Anti gays in Uganda have resolved to mobilize Ugandans to stop buying goods from United States and the other countries which are threatening to cut aid to Uganda due to the controversial anti gay bill.
The chairman of national task force against sodomy, pastor Martin Sempa
said during a press interview in Kampala that it is unfortunate that countries like USA have openly come out to attack Uganda because of the bill and even threatened to remove it from from countries benefitting from AGOA.
Sempa said, "Most Ugandans do not support homosexuality. We are to launch a campaign against consumption of US, UK, and Canada products in Uganda if those countries continue to threaten our country because of the anti gay bill. We will make people stop buying Coca Cola, Pepsi Cola and other products from USA."
Ugandan observers however claim that while the government might not tolerate Sempa’s declarations due to the high economic stakes, Sempa’s threats, if realised, could prove risky for Ugandans as it could put a high number of people out of work.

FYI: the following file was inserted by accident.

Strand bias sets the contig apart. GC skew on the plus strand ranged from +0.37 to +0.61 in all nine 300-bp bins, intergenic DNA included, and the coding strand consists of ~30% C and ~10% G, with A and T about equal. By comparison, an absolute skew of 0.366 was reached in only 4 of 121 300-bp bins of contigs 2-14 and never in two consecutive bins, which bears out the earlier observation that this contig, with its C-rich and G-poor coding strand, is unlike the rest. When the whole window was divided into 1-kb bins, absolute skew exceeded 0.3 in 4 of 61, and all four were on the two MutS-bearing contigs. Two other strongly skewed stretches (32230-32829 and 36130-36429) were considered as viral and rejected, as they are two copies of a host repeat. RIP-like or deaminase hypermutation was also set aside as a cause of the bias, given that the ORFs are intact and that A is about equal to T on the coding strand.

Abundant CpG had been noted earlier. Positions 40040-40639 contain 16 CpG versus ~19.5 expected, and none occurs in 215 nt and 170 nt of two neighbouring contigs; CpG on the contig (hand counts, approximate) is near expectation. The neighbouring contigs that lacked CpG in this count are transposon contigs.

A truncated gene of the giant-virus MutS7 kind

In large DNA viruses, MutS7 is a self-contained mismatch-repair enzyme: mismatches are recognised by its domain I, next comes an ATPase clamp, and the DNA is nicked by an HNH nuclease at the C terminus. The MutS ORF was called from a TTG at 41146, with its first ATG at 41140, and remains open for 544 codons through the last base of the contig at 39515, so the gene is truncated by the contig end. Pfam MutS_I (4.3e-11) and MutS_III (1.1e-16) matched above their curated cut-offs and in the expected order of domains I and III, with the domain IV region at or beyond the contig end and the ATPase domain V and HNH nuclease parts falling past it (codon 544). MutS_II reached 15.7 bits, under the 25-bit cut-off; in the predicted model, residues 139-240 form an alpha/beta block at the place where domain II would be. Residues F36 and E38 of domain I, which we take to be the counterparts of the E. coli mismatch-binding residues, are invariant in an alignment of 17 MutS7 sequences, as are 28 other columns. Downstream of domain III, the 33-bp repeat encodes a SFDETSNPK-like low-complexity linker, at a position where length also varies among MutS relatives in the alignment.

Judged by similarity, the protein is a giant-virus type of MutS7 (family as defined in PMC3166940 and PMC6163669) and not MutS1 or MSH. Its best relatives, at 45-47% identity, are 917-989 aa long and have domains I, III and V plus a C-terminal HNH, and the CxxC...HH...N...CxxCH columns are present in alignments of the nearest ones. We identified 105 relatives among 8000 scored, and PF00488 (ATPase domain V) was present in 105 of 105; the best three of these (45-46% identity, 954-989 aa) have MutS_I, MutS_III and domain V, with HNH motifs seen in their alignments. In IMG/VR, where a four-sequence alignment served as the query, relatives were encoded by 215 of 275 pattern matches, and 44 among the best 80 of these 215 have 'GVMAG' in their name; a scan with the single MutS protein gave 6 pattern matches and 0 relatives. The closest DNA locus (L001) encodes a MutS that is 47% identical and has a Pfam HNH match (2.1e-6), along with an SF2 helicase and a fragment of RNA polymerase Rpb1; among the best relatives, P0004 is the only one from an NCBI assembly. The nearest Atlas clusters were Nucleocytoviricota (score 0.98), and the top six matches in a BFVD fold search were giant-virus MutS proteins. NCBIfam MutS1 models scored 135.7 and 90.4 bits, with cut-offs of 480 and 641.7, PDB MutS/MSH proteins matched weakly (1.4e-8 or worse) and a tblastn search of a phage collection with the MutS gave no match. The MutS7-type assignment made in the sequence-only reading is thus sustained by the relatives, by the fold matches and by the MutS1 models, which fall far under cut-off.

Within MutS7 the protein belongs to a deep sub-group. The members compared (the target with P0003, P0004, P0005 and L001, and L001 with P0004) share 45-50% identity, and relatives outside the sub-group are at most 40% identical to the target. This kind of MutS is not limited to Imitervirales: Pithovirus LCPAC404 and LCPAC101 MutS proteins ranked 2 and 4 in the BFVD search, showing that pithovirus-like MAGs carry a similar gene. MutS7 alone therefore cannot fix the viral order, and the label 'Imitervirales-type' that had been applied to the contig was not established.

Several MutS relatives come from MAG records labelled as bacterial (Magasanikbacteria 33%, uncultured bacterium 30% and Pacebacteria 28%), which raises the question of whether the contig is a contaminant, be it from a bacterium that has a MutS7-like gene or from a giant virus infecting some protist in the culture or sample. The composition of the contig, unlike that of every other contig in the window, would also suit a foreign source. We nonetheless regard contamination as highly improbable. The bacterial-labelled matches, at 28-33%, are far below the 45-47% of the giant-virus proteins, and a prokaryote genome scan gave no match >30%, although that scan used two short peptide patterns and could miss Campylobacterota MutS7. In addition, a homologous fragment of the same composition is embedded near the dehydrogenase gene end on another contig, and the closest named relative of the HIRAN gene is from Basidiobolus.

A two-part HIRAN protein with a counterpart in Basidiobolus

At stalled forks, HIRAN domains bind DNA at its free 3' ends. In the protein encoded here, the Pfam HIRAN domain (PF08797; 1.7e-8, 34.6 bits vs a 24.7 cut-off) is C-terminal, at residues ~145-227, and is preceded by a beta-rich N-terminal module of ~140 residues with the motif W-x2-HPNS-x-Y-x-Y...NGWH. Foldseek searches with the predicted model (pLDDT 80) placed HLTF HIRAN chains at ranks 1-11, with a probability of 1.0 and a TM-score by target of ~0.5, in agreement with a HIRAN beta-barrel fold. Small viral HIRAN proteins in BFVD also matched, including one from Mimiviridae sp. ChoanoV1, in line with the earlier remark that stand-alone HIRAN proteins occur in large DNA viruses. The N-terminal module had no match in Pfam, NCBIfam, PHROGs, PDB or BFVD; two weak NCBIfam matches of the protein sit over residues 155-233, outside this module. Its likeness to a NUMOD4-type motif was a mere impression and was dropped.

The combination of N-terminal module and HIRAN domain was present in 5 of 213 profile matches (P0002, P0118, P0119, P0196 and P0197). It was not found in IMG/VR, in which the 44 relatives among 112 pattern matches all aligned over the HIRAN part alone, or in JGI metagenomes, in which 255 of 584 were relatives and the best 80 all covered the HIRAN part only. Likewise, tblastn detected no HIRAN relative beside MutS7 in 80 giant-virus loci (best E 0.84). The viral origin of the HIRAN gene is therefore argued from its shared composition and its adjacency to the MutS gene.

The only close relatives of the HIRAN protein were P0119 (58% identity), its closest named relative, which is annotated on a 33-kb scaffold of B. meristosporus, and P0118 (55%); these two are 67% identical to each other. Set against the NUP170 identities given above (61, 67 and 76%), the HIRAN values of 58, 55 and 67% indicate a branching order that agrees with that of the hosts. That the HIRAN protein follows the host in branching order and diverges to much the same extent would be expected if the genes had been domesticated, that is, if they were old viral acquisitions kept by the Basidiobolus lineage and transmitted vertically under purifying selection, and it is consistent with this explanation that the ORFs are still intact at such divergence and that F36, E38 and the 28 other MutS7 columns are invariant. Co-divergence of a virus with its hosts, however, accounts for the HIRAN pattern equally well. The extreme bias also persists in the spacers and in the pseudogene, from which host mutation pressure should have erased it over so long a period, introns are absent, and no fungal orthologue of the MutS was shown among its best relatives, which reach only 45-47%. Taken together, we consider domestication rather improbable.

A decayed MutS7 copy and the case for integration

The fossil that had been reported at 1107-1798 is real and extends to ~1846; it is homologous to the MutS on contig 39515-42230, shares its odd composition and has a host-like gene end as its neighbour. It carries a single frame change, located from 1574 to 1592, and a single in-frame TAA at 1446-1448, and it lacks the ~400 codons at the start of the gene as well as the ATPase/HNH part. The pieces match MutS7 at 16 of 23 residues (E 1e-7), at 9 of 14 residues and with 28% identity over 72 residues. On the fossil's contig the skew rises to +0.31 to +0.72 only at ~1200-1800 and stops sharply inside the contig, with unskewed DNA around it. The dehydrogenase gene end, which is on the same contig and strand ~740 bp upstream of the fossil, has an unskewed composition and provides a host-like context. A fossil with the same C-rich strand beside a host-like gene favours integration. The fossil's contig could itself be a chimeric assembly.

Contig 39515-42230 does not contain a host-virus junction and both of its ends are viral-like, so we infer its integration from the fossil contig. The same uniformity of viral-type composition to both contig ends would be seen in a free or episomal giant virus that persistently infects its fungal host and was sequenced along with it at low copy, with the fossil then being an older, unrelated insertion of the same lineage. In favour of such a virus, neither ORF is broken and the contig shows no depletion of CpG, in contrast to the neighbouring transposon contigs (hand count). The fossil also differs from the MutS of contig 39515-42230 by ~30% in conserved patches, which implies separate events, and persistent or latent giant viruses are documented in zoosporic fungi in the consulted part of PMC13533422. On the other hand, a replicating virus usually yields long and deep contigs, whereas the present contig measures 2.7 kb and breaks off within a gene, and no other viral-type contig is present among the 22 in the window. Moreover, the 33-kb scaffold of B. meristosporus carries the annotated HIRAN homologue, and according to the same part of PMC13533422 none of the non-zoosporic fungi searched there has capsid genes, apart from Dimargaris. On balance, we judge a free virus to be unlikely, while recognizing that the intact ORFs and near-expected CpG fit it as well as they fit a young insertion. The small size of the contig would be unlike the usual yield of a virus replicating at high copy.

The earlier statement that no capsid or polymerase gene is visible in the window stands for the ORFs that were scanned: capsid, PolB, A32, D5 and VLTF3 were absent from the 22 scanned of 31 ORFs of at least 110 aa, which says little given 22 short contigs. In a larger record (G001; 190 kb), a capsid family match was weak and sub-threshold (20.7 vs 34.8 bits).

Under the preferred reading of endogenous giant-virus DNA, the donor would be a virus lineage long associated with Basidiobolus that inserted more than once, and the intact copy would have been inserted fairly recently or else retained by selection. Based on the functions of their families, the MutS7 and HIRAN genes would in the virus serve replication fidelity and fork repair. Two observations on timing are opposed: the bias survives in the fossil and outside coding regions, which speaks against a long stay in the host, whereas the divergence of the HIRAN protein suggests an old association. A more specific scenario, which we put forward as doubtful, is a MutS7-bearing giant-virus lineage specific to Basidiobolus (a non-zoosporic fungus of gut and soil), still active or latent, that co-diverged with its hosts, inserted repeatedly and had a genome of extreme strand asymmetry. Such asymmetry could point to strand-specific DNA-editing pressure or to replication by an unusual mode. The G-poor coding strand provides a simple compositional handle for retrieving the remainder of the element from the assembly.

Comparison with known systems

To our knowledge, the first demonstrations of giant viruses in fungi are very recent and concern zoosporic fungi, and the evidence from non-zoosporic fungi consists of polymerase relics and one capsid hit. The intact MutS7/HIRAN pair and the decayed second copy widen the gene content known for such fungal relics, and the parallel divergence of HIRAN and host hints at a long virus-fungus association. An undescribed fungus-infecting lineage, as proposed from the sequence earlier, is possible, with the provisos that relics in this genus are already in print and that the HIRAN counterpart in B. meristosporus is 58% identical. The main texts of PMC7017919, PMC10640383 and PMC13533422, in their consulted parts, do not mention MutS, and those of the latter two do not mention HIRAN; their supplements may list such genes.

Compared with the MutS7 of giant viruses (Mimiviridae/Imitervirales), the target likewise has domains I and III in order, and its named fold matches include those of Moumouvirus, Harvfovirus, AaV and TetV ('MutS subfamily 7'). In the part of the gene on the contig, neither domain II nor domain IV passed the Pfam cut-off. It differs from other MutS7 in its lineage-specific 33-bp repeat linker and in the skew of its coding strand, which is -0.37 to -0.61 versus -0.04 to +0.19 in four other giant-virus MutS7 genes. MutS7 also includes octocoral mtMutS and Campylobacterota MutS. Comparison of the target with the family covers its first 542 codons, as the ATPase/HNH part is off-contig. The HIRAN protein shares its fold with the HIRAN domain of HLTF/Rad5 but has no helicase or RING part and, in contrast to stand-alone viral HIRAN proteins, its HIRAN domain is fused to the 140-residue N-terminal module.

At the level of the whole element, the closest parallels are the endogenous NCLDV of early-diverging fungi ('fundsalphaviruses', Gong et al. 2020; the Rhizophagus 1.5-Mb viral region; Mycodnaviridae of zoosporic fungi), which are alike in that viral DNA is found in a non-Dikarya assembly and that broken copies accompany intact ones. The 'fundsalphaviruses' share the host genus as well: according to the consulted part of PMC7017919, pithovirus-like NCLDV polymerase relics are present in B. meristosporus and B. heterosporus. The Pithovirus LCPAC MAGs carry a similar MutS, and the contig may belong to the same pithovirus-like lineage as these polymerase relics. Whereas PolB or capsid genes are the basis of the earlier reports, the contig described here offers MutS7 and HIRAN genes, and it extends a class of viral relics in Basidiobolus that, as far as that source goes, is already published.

Only a week ago, Uganda’s minister of state for investment, Aston Kajara, expressed regrets over how the proposed bill had already started affecting foreign investment into the country. "Ever since the anti-gay bill was tabled, there has been outcries not only here but from allover the world against it. This is likely to affect the flow of foreign investors into the country," he said.
In a recent statement, President Museveni urged Ugandans supporting the anti gay bill to go slow because it would affect the country’s foreign policy while hinting on the partnership between the east African country and the international community. "We need to handle it carefully because some of our international partners live with it. We have our values but need to know that we are partners with those developed countries," Museveni said.
But Sempa says that the United States and her allies who are threatening Uganda over the anti gay bill are not the only countries in the world where Uganda can import goods. "Uganda can buy goods from some Asian countries which are today economic giants. We can buy from China, India and other countries who respect our dignity."
The controversial anti-gay bill which was tabled in Uganda’s parliament by a member of parliament, in November last year, has attracted attention of Human Rights organizations and countries, who say that the punishments are too harsh.